The desire for familiar food, clothing, and other products from home is spurring refugee communities in upstate New York to start their own businesses. In response, a group in Rochester has organized a six-week startup business training course to help the Somali refugee community navigate the process.
“They can actually create their own little local economy where they can exchange, similar to what they had in Somalia,” says David Dey, president and CEO of the Institute for Social Entrepreneurship.
The Innovation Trail is looking at how refugees have weaved their way into upstate New York's changing economy.
On a recent fall day, community health nurse Sarah Miner is welcomed warmly into the home of Somali refugee Abdalla. Miner works with HCR Home Care in Rochester and she’s been visiting Abdalla and his family for a while now.
Upstate New York cities take in around 90 percent of all current refugee resettlements in the state. All this week, The Innovation Trail is taking a look at how that diverse population has weaved its way into the region’s changing economy.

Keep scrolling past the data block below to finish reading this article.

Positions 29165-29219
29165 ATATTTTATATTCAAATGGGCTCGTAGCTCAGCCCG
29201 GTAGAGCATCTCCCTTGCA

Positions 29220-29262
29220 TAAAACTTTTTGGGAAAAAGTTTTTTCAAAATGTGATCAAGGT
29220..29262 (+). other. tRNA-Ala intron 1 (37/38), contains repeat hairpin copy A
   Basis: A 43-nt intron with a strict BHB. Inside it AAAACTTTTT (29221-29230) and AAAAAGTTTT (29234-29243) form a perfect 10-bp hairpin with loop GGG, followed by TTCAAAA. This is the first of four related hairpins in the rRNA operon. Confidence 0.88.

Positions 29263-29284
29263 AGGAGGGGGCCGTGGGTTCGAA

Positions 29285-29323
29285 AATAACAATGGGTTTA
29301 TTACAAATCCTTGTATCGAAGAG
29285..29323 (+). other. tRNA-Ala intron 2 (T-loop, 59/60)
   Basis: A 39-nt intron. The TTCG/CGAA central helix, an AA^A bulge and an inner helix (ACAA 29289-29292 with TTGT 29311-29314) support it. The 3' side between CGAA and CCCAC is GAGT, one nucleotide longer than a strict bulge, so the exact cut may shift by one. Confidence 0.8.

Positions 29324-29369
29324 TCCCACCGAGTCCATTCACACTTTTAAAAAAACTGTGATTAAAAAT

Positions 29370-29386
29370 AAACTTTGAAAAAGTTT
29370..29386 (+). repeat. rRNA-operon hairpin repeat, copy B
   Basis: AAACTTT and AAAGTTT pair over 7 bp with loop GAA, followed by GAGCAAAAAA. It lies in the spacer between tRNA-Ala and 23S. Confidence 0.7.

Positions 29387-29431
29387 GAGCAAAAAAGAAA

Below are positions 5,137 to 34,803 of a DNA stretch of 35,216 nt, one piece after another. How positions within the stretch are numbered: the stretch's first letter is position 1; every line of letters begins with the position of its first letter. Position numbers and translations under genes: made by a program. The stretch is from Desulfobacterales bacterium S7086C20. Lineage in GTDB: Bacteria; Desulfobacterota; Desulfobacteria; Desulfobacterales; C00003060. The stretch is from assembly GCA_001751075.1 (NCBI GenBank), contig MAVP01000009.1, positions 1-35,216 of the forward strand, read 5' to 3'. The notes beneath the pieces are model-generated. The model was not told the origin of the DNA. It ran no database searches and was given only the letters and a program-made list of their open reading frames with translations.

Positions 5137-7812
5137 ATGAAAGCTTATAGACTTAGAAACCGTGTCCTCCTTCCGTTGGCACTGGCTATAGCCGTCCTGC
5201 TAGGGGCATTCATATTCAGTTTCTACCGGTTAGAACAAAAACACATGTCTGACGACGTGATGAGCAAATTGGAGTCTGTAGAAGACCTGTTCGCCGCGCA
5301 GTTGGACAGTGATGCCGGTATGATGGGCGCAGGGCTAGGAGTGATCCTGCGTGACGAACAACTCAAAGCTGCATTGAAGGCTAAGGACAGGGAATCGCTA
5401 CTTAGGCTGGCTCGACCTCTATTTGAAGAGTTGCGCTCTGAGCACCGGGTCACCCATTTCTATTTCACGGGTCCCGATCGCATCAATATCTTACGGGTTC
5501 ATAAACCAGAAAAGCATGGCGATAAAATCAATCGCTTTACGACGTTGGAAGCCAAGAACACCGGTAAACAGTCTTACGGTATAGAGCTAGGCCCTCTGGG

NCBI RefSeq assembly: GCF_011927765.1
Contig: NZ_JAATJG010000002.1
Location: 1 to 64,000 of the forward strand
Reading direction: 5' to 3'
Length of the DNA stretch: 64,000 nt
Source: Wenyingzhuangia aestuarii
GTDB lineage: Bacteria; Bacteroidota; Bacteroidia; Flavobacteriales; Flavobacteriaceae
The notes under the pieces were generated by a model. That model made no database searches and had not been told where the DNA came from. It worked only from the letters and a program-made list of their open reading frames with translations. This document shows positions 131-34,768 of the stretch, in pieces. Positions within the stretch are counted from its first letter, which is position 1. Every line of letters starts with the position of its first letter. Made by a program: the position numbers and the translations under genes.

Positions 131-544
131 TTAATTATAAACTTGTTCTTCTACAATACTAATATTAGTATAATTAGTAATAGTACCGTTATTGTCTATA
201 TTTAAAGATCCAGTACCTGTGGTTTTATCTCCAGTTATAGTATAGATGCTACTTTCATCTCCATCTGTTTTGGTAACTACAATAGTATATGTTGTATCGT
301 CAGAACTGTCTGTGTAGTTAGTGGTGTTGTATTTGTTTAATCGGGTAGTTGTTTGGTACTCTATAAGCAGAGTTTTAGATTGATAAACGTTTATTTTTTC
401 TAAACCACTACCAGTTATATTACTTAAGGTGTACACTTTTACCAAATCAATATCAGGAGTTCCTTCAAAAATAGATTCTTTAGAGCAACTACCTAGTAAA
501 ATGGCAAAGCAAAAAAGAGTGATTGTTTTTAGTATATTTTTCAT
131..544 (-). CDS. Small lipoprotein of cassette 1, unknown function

In Buffalo, a handful of students from countries all over the world are sitting in a class at Journey’s End Refugee Services. They are learning how to become janitors for local businesses. The group nods as a student explains an assignment to them.
Since 2004, upstate New York has taken 90 percent of all refugee resettlements in the state.This is the first part of the Innovation Trail reporting series looking at how upstate New York's refugee population is influencing the region's economy.
Utica has long seen itself as a city of immigrants. The arrival of Italians, Germans and Irish drove the city’s population to peak at around 100,000. During the mid 1970sin the wake of major changes to the city's industrial base and dwindling employment opportunities, the population fell by nearly half.